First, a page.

verb (used with object), ad·ven·tured, ad·ven·tur·ing.

verb (used without object), ad·ven·tured, ad·ven·tur·ing.

to take the risk involved.
to venture; hazard.

Origin of adventure

1200–50; Middle English aventure < Anglo-French, Old French < Vulgar Latin *adventūra what must happen, feminine (orig. neuter plural) of Latin adventūrus future participle of advenīre to arrive; ad- ad- replacing a- a-5. See advent, -ure
Related formsad·ven·ture·ful, adjectiveun·ad·ven·tur·ing, adjective Unabridged Based on the Random House Unabridged Dictionary, © Random House, Inc. 2019

Examples from the Web for adventure

Contemporary Examples of adventure

Historical Examples of adventure

  • At 7.30 my brother and Windich returned, and were surprised to hear of our adventure.

  • Even Hope's strong constitution felt the shock of this adventure.


    Thomas Wentworth Higginson

  • Where would be the fun of such an adventure if you had it alone?

    The Trail Book

    Mary Austin

  • For was not this the adventure of which she had so often dreamed?

    The Dream

    Emile Zola

  • Well, and aren't you as fond of adventure as anybody in the wide world?

    The Foolish Lovers

    St. John G. Ervine

British Dictionary definitions for adventure



a risky undertaking of unknown outcome
an exciting or unexpected event or course of events
a hazardous financial operation; commercial speculation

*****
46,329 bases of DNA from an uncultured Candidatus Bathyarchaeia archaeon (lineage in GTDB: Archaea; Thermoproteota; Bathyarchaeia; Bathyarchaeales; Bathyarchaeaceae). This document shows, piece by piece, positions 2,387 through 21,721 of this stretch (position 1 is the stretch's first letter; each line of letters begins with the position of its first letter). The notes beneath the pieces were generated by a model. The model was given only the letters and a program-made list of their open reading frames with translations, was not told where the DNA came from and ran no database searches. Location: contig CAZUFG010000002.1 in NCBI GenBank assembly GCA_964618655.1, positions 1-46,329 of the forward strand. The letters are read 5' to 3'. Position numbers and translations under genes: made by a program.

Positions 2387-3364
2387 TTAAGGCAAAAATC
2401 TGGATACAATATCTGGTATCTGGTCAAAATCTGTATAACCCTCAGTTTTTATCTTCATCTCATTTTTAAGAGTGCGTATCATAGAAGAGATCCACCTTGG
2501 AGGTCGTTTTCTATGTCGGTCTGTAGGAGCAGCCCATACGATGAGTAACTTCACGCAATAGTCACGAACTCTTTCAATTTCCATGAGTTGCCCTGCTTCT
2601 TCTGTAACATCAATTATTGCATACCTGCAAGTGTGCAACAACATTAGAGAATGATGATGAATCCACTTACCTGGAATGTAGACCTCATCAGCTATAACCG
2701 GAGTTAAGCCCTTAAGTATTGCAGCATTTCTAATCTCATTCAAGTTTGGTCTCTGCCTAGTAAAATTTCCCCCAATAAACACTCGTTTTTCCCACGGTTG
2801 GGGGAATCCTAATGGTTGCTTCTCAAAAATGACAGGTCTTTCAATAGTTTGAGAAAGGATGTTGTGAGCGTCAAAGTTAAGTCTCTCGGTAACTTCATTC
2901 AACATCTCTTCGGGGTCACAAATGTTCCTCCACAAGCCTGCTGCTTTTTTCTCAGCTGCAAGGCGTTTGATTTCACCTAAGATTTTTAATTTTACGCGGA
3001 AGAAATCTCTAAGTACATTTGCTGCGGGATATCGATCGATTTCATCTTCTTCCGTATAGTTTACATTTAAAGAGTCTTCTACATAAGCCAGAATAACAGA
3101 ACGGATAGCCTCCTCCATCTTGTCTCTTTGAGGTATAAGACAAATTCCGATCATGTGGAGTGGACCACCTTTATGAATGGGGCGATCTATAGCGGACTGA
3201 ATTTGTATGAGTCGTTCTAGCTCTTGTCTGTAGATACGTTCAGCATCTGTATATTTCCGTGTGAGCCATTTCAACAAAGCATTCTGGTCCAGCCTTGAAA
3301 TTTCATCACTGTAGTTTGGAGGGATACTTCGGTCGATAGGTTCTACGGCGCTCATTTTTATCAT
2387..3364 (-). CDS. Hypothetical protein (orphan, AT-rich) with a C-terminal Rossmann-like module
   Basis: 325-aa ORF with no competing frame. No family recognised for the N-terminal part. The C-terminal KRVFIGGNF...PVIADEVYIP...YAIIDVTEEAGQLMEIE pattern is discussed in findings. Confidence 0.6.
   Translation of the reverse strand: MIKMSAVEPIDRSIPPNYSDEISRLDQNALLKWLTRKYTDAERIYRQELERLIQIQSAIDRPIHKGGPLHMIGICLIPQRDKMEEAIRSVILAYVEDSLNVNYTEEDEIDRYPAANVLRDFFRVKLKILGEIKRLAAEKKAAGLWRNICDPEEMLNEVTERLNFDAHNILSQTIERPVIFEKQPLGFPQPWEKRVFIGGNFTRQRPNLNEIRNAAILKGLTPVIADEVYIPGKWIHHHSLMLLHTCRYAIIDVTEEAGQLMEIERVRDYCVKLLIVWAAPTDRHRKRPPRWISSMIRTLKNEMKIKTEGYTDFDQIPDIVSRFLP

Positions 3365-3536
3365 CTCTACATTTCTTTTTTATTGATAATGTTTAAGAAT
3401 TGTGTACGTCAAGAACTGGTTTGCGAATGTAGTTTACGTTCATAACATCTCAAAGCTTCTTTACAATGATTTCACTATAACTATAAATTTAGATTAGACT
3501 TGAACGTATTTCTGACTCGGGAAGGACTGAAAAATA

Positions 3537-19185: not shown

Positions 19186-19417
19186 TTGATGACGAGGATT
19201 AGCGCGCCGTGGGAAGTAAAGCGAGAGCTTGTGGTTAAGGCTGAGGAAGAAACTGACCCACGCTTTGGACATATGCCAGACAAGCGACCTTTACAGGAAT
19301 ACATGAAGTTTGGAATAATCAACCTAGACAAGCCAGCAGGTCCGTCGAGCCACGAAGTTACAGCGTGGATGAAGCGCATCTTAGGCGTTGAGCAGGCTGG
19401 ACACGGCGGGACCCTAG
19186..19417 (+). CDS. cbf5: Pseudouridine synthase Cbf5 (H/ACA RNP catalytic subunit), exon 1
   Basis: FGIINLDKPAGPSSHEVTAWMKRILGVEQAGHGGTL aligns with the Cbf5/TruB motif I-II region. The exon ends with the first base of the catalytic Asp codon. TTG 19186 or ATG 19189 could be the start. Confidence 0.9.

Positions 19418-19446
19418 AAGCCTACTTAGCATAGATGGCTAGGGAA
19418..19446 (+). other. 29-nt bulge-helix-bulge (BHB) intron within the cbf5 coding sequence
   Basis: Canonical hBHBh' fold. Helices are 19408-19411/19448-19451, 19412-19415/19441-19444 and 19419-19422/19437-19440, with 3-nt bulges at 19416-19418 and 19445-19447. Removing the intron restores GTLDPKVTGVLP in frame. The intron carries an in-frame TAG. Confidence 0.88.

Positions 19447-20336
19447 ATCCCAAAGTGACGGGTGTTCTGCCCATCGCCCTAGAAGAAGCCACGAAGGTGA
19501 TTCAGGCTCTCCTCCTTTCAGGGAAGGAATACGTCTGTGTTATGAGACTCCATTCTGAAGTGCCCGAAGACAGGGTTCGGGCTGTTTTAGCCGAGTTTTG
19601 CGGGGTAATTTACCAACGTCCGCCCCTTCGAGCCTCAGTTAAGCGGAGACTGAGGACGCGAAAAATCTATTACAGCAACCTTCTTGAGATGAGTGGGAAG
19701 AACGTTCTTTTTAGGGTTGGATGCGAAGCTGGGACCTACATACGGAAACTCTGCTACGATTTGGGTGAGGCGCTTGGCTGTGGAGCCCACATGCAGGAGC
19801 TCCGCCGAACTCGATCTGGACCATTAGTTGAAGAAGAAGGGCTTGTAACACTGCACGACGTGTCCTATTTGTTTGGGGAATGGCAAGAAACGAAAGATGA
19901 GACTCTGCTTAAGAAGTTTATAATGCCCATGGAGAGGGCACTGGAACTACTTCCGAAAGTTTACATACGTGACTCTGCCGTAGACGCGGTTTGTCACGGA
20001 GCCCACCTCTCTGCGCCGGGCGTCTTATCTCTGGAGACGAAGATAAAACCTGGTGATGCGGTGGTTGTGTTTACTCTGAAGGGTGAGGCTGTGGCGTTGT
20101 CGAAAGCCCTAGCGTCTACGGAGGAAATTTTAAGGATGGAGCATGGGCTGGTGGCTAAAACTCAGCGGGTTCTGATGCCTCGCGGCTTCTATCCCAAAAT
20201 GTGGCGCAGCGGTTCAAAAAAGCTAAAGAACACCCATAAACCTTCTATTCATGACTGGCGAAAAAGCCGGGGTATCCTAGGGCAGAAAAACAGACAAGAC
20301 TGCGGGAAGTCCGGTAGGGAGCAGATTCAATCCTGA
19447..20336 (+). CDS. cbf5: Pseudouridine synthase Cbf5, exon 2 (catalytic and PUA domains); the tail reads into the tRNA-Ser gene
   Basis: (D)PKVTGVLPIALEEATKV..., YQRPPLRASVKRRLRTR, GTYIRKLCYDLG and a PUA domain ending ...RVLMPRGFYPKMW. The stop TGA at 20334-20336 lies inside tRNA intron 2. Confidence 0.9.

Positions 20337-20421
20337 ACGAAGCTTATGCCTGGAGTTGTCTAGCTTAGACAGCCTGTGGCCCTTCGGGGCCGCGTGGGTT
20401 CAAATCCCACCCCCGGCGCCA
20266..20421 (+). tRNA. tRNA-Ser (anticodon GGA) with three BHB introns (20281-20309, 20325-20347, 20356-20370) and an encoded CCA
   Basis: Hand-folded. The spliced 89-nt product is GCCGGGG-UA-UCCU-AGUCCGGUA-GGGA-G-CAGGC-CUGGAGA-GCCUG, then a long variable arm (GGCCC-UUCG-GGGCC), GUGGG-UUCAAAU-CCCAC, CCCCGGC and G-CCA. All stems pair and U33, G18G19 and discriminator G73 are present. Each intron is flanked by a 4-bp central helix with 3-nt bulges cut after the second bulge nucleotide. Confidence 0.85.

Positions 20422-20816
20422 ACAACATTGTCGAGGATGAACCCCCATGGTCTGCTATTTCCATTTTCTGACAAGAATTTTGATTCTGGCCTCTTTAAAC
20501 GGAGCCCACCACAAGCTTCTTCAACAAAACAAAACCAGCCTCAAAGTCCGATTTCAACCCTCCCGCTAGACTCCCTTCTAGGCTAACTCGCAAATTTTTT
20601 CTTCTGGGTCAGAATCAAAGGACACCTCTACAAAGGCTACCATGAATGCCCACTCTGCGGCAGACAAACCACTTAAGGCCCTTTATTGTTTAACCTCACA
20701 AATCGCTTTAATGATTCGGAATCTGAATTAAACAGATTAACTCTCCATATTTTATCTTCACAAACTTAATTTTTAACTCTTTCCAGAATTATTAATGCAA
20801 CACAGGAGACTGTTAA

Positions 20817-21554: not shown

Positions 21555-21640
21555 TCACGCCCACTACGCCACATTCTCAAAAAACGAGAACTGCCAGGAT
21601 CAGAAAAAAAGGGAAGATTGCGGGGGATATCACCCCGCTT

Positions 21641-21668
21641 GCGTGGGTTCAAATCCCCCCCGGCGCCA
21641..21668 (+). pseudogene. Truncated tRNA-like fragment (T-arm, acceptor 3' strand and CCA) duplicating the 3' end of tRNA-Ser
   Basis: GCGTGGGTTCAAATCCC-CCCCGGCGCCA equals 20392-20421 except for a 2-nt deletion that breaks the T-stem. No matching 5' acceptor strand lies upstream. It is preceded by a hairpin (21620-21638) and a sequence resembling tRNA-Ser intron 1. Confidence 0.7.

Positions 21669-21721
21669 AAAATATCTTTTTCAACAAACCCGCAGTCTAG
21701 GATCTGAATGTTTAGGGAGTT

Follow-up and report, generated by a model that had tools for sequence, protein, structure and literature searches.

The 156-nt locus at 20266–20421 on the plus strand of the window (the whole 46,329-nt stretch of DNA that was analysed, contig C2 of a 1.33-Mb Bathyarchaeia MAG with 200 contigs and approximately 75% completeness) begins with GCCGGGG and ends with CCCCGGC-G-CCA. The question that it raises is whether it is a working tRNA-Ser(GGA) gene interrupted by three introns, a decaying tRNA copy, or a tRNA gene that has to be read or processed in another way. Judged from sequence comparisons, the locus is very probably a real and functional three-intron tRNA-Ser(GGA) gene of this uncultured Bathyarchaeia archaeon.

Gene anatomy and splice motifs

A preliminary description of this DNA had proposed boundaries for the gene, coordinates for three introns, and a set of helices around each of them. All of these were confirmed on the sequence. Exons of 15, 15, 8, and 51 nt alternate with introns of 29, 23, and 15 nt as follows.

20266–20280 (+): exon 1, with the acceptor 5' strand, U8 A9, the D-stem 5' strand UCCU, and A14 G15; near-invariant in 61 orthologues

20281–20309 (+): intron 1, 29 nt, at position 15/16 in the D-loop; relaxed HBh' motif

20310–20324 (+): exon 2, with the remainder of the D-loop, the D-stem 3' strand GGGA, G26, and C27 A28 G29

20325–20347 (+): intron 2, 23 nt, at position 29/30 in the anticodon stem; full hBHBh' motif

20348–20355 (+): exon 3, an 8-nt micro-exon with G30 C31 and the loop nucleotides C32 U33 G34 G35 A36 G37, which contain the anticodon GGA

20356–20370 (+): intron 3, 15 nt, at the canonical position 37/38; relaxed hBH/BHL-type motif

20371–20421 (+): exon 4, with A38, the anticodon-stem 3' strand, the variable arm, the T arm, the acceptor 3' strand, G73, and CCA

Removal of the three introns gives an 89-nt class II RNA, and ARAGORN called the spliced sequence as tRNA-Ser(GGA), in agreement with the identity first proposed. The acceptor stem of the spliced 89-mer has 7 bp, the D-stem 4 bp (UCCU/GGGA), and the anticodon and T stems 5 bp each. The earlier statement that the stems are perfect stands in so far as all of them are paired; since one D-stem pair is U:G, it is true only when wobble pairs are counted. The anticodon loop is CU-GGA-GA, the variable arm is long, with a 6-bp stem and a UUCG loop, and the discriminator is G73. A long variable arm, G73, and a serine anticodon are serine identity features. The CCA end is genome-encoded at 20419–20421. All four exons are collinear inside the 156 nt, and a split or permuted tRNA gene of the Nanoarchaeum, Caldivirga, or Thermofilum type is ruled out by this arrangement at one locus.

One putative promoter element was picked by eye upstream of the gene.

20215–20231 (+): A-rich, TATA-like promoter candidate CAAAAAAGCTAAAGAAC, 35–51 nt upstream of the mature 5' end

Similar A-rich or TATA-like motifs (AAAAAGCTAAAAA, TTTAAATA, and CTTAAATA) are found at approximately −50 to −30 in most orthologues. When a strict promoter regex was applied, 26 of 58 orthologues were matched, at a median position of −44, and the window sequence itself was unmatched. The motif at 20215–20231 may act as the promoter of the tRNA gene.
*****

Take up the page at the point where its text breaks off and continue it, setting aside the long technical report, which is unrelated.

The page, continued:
1. danger or misadventure
  2. chance


to take a risk or put at risk
(intr foll by into, on, upon) to dare to go or enter (into a place, dangerous activity, etc)
to dare to say (something)he adventured his opinion
Derived Formsadventureful, adjective

Word Origin for adventure

C13: aventure (later altered to adventure after the Latin spelling), via Old French ultimately from Latin advenīre to happen to (someone), arrive
Collins English Dictionary - Complete & Unabridged 2012 Digital Edition © William Collins Sons & Co. Ltd. 1979, 1986 © HarperCollins Publishers 1998, 2000, 2003, 2005, 2006, 2007, 2009, 2012

Word Origin and History for adventure

c.1200, auenture "that which happens by chance, fortune, luck," from Old French aventure (11c.) "chance, accident, occurrence, event, happening," from Latin adventura (res) "(a thing) about to happen," from adventurus, future participle of advenire "to come to, reach, arrive at," from ad- "to" (see ad-) + venire "to come" (see venue).

Meaning developed through "risk/danger" (a trial of one's chances), c.1300, and "perilous undertaking" (late 14c.) and thence to "a novel or exciting incident" (1560s). Earlier it also meant "a wonder, a miracle; accounts of marvelous things" (13c.). The -d- was restored 15c.-16c. Venture is a 15c. variant.


c.1300, "to risk the loss of," from adventure (n.). Meaning "to take a chance" is early 14c. Related: Adventured; adventuring.

Online Etymology Dictionary, © 2010 Douglas Harper